Gunnison Valley Hospital

GVH hires husband-wife team for new family clinic

By Laura Anderson
June 28, 2012
Courtesy of The Gunnison Country Times

It seems that Annamarie and Michael Meeuwsen and Gunnison Valley Health (GVH) were meant to be together.
The couple knew that they wanted to be in a rural area, yet finding a place that needed two family practice docs didn’t seem likely.
So when they heard that GVH was looking to hire one-and- a-half new family practitioners for a family clinic, they jumped at the chance.
“We knew we wanted to be on the West Slope,” Annamarie said. “This was a good opportunity and it matched up well.”
Their not quite-full-time schedules work out nicely to accommodate their growing family — the Meeuwsens have two young daughters and a baby on the way.
Though Gunnison is the smallest town the couple has lived in, they’re looking forward to raising their family here.
“Being in a small town, you have more of a sense of community,” Annamarie observed. “This is our first experience living in such a small town, so it’s kind of an experiment.”
Though some doctors may balk at running into patients at the grocery store, Annamarie said she’s looking forward to it.
“It’s kind of a nice thing in that you have that nice relationship,” she said.
They also hope that by living in a small town they will be able to realize the “ideal” of family medicine — caring for people from birth throughout their lives and caring for families from generation to generation.
The fact that they are a husband and wife team they believe gives them an advantage.
“We know how to communicate, and relay information to each other, ” Annamarie observed. “I can see if he feels the same way I do about a patient’s care.”
It also allows patients to choose between a male or female doc, should they have a preference.
“We don’t care who they see,” said Michael. “We just want them to be comfortable.”
They also recognize the advantages of having a practice within a hospital where medical supplies, lab, x-rays and MRIs, as well as doctors with other specialties for referrals or consults, are all in the same building.
The couple decided that they wanted to go to medical school before they got married and since then have aspired to go into rural medicine.
After their nuptials, the couple spent most of a year in Bolivia while they applied to medical school, where they climbed soaring peaks over 20,000 feet and volunteered at a children’s hospital.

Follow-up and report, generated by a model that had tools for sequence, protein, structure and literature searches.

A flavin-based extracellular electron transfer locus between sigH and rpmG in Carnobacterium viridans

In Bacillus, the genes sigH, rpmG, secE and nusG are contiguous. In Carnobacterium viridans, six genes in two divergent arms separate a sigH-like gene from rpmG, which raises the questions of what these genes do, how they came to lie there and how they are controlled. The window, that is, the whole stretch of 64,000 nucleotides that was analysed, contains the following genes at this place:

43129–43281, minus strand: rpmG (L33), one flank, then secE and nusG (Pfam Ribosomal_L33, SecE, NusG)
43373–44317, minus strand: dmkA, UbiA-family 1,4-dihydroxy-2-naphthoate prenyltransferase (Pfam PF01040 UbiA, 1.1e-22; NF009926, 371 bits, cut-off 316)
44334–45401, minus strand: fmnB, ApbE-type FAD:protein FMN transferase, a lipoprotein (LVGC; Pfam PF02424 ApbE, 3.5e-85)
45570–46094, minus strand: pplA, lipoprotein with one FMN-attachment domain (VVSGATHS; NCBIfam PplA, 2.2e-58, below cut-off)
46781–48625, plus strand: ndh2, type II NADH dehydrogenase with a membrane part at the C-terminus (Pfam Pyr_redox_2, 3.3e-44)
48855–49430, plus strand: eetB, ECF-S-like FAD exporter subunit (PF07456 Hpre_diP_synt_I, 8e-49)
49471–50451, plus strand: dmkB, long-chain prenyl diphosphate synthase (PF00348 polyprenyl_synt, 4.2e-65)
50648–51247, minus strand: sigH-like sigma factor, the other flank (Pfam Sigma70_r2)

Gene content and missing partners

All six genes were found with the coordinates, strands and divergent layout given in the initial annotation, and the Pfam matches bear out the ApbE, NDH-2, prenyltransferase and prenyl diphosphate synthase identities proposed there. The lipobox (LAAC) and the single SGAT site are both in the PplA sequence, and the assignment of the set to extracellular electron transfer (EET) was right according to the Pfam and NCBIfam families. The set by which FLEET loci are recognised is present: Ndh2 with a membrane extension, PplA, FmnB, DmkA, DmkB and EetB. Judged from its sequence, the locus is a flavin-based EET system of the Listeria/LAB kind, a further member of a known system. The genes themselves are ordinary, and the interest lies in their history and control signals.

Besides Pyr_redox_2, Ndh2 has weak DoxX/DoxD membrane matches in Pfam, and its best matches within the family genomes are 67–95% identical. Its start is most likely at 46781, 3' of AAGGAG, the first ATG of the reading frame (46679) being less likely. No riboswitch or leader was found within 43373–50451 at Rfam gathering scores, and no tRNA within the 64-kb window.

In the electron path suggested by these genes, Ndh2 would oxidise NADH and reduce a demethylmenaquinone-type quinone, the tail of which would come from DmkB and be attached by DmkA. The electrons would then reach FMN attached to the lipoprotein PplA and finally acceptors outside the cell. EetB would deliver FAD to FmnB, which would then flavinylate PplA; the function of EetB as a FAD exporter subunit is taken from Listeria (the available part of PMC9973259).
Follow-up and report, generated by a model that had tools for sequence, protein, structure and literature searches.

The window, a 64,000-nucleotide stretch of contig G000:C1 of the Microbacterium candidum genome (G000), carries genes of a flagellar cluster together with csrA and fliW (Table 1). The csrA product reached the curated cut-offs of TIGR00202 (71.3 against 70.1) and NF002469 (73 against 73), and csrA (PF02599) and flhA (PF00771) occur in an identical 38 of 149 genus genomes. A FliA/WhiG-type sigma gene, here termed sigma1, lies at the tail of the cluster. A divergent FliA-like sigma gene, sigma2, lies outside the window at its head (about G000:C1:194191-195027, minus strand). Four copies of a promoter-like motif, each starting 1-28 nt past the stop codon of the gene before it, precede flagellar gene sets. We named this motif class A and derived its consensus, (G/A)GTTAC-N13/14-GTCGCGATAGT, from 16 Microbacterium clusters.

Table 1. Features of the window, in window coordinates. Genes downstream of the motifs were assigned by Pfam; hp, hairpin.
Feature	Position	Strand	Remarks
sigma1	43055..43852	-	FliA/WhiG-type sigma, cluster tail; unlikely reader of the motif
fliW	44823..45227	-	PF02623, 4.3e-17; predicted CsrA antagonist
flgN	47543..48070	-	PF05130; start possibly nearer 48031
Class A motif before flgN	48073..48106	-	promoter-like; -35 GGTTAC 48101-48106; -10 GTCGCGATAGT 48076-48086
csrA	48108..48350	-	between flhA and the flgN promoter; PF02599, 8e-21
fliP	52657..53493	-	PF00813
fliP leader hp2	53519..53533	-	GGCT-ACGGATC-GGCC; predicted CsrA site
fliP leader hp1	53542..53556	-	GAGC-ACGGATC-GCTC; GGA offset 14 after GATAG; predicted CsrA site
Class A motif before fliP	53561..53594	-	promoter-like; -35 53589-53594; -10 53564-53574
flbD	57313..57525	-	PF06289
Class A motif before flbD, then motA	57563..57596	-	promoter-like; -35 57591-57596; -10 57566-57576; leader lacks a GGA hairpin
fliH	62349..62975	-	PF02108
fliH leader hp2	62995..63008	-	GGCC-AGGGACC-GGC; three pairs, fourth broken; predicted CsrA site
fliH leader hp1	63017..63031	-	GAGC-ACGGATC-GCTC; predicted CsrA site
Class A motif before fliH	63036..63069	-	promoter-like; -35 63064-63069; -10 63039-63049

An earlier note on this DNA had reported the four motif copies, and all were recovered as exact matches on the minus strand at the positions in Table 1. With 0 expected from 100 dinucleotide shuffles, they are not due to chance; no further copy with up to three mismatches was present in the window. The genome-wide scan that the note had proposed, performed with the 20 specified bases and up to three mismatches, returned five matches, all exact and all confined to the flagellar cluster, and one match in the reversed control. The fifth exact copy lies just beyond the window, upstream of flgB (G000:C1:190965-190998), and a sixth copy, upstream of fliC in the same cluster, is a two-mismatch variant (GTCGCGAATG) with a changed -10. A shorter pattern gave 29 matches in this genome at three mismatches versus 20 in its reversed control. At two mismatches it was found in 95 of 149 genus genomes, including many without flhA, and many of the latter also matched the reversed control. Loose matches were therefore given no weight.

“It was very eye-opening,” Annamarie said of their experiences working in the hospital, where, despite their lack of credentials, they were able to work with patients and assist on surgeries.
Following that experience, the two attended Loyola University Medical School in Chicago. After that, they moved to Denver to finish their residencies at the University of Colorado Medical School.
After finishing, they both stayed on as faculty and worked on a rural medicine fellowship, where they received additional training in emergency medicine and obstetrics.
This experience allowed them to work with high-risk pregnancies and births and see conditions that they might not often see in a rural health system.
Annamarie explained that the fellowship was developed based on surveys given to recently-graduated family practitioners who were asked what areas they felt they needed more training in.
Though this is only the second week of work at GVH, the new family practitioners’ appointments are filling up fast. According to Courtney Tanning, GVH’s community communication specialist, the point of hiring two new doctors was to help alleviate an already burdened system.
“Our goal here is that 80 percent of patients who come in, see a doctor in 24 hours,” she said, adding that due to a shortage of family practitioners in the area, some patients can’t get an appointment to see their regular doctor for weeks, and already over-booked doctors are reluctant to take in new patients.
Those patients often resort to the emergency room for immediate, yet more expensive, care. If a patient can’t pay, the hospital is left to foot the bill. Tanning said the purpose of bringing on new docs is to fill the void left by the recent retirement of several local practitioners — not to compete with those still in practice.
The Meeuwsens’ goal for the practice is simple, to provide high-quality, patient-centered care with open-access scheduling — in other words, same-day appointment — without excluding anyone despite a patient’s financial situation.
Tanning added that another hope is to keep patients from having to seek care elsewhere.
“We want to keep (medical care) in the community. It’s part of the ‘think local first’ philosophy,” she said.
(Laura Anderson can be reached at 641.1414 or

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